|5 ft 07 in (1.70 m)|
160 lb (73 kg)
|Born||February 16, 1915,|
Waterloo, ON, CA
|Died||September 16 1964 (aged 49),|
Kitchener, ON, CA
|Pro Career||1936 – 1952|
|Hall of Fame, 1996|
Robert Theodore "Bobby" Bauer (born February 16, 1915, in Waterloo, Ontario - died September 16, 1964) was a Canadian professional right winger who played 10 seasons in the National Hockey League for the Boston Bruins. Known for his skill and gentlemanly play, Bauer was a three time recipient of the Lady Byng Memorial Trophy.
Along with fellow Hall of Famers Woody Dumart and Milt Schmidt, Bauer helped lead the Bruins to two Stanley Cups in 1939 and 1941. The trio of players grew up playing together with the Kitchener Greenshirts of the OHA (Ontario Hockey Association) and became collectively known as the Kraut Line. Bauer recorded 260 points in 328 games in a career that was interrupted by his service with the Royal Canadian Air Force (RCAF) during World War II. During that service the Kraut Line led the Ottawa RCAF Flyers to an Allan Cup win in 1942-43.
The Kraut Line played their last game before leaving for war service on February 10, 1942. The line scored 11 points in a 8-1 victory over the Montreal Canadiens. In a very classy gesture, the Habs carried them off the ice.
Bobby Bauer's retirement in 1947 ended the line. Kraut Line night was celebrated at the Boston Garden before the March 18, 1952 game versus the Chicago Black Hawks. Having last played in the NHL 5 years previously, 37 year old Bobby Bauer came out of retirement and played in the game. With the Bruins up 1-0, Milt Schmidt scored his 200th career goal, assisted by Woody Dumart and Bauer. Bauer then added a goal (assisted by Schmidt and Real Chevrefils) and then Schmidt assisted on a goal by Chevrefils in Boston's 4-0 blanking of Chicago. Dave Creighton wore jersey #4 so that Bauer can wear the #17 he made famous.
In 1952, Bauer went on to serve as general manager, coach, and president of the senior Kitchener-Waterloo Dutchmen of the Ontario Hockey Association. As a coach he led the club to two OHA championships and two Allan Cup titles. The second feat in 1954-55 resulted in the Dutchmen being selected to represent Canada at the 1956 Olympics in Cortina, Italy, where they earned the bronze medal. Returning to Canada, Bauer briefly retired from coaching, only to be talked into guiding the Dutchmen at the 1960 Olympics Games in Squaw Valley, California, where they received the silver.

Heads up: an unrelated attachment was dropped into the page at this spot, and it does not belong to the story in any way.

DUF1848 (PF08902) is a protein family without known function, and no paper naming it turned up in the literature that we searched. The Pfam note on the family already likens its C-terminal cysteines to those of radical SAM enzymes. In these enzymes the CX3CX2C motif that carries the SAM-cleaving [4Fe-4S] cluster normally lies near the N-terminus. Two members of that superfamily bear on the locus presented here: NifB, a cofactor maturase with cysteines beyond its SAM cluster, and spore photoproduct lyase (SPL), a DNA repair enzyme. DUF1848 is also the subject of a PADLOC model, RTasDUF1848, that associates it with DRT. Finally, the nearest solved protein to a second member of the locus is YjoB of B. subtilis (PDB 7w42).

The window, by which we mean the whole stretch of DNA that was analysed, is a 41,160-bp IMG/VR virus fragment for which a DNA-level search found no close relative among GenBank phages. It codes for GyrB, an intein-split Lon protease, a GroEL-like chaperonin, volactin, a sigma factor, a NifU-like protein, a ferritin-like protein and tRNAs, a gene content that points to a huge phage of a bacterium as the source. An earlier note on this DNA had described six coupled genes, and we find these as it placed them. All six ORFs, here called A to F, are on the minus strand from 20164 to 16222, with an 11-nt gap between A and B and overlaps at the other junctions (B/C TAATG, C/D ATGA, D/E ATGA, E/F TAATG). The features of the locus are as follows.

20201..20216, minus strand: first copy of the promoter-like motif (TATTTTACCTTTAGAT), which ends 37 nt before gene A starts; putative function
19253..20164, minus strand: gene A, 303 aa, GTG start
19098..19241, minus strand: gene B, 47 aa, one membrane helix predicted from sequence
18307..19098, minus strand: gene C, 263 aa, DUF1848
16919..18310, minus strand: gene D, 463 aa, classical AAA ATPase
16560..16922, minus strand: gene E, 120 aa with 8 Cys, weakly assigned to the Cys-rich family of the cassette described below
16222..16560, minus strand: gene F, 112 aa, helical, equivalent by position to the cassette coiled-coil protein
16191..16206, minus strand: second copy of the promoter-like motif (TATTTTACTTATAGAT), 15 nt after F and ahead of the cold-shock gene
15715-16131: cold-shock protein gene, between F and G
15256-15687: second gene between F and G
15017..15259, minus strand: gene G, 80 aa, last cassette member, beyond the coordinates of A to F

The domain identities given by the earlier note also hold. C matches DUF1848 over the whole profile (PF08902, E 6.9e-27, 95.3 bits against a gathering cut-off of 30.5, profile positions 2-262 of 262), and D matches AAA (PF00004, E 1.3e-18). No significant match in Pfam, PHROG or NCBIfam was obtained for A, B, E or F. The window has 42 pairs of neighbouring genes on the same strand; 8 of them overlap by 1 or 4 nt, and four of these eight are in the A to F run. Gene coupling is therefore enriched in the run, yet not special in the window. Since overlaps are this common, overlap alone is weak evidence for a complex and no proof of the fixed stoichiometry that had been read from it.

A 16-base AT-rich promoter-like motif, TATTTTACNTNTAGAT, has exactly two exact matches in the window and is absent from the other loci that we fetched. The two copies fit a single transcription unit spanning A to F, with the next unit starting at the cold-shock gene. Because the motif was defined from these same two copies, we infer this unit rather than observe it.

He was the elder brother of David Bauer, a Basilian priest, who was inducted into the Hockey Hall of Fame as a builder in 1989. Bobby Bauer would follow his brother into the Hockey Hall of Fame as a player in 1996.
He died in September, 1964, age 49.
Awards and Achievements
- Lady Byng Memorial Trophy (1940, 1941, 1947)
- Second All-Star Team Right Wing (1939, 1940, 1941, 1947)
A minute worth of video of Game 4 of the 1941 Stanley Cup Finals which the Bruins won 3-1, sweeping Detroit and winning the Cup. This was the first sweep in a 7 game series in NHL history. The Cup winning goal by Bobby Bauer which put the Bruins ahead 2-1 at 8:43 of the second period and the Bruins third goal by Eddie Wiseman are shown. The game end with the players shaking hands concludes the video.
|Winner of the Lady Byng Trophy
|Winner of the Lady Byng Trophy
|Boston Bruins Captains
|Boston Bruins Captains|
|Cleghorn | Hitchman | Owen | Clapper | Barry | Stewart | Shore | Weiland | Clapper | Cowley | Crawford | Bauer | Schmidt | Sandford | Flaman | McKenney | Boivin | Bucyk | Cashman | O'Reilly | Middleton | Bourque | Allison | Thornton | Chára | Bergeron|
|This page uses content from Wikipedia. The original article was at Bobby Bauer. The list of authors can be seen in the page history. As with Ice Hockey Wiki, the text of Wikipedia is available under the Creative Commons Attribution-Share Alike License 3.0 (Unported) (CC-BY-SA).|